Sodium Chloride 1.000 1.000 1.000 1.000 1.000 1.000
    Perfume 0.550 0.550 0.550 0.550 0.700 0.700
    Sodium Benzoate 0.250 0.250
    Ethylene Diamine Tetra Acetic 0.12 0.12 0.12 0.12 0.12 0.12
    Acid
    Kathon 0.0005 0.0005 0.0005 0.0005 0.0005 0.0005
    Water q.s. q.s. q.s. q.s. q.s. q.s.
  • [0197]
    All documents cited in the Detailed Description of the Invention are, are, in relevant part, incorporated herein by reference; the citation of any document is not to be construed as an admission that it is prior art with respect to the present invention.
  • [0198]
    While particular embodiments of the present invention have been illustrated and described, it would be obvious to those skilled in the art that various other changes and modifications can be made without departing from the spirit and scope of the invention. It is therefore intended to cover in the appended claims all such changes and modifications that are within the scope of this invention.
Patent Citations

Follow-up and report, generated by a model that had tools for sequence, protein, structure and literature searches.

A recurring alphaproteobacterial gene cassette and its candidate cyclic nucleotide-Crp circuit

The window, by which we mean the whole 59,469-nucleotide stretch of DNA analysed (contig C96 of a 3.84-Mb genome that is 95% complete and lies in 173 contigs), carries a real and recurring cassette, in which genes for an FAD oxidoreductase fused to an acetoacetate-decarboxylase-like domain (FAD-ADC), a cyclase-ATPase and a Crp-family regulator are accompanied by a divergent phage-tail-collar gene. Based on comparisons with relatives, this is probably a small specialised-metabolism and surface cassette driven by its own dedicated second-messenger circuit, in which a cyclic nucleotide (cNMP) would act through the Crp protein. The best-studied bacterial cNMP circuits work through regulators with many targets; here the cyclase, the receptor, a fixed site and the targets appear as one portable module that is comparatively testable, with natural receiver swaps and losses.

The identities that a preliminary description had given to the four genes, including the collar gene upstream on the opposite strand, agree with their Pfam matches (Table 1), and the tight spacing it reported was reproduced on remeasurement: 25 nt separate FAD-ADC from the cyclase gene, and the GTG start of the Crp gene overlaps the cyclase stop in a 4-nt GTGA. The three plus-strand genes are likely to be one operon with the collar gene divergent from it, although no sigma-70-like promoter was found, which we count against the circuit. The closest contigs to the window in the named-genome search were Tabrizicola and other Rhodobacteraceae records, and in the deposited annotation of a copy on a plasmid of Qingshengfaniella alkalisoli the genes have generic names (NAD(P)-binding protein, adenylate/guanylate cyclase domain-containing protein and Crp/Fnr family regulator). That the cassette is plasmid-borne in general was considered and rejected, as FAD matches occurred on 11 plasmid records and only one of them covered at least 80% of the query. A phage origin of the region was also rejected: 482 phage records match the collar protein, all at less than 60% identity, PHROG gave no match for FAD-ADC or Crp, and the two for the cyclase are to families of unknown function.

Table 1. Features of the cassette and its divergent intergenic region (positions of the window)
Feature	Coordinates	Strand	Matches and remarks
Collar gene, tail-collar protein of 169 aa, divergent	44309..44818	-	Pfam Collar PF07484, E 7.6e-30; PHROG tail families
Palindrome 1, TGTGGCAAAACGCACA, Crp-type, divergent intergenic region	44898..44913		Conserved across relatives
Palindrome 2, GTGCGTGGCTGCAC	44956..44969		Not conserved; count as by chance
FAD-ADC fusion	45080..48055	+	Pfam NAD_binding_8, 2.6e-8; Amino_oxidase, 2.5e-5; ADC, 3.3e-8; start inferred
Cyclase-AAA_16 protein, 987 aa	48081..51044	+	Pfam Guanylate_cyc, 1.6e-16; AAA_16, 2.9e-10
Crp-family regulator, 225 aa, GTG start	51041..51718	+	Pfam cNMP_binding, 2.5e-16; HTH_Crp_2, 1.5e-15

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Classifications
U.S. Classification510/119, 510/470
International ClassificationA61K8/89, A61K8/00, A61K8/891, A61K8/06, C11D1/29, A61K8/19, A61Q5/12, A61K8/46, A61K8/892, A61Q5/02, A61K8/898, A61K8/73, C11D3/22
Cooperative ClassificationA61K2800/21, A61K8/06, A61K8/463, A61Q5/12, A61K8/898, B82Y5/00, C11D1/29, A61Q5/02, A61K8/731, A61K2800/413, A61K8/732, A61K8/19, A61K8/891, A61K2800/5426, A61K8/737, C11D3/227, A61K8/892
European ClassificationB82Y5/00, A61K8/06, A61K8/46C, A61K8/73C, A61K8/73F, A61K8/892, A61Q5/02, A61K8/73R, A61K8/891, A61K8/898, C11D1/29, A61K8/19, C11D3/22E10, A61Q5/12
Legal Events
DateCodeEventDescription
Jul 20, 2004ASAssignment
Owner name: PROCTER & GAMBLE COMPANY, THE, OHIO
Free format text: ASSIGNMENT OF ASSIGNORS INTEREST;ASSIGNORS:GEARY, NICHOLAS WILLIAM;JOHNSON, ERIC SCOTT;REEL/FRAME:014873/0417;SIGNING DATES FROM 20020708 TO 20020709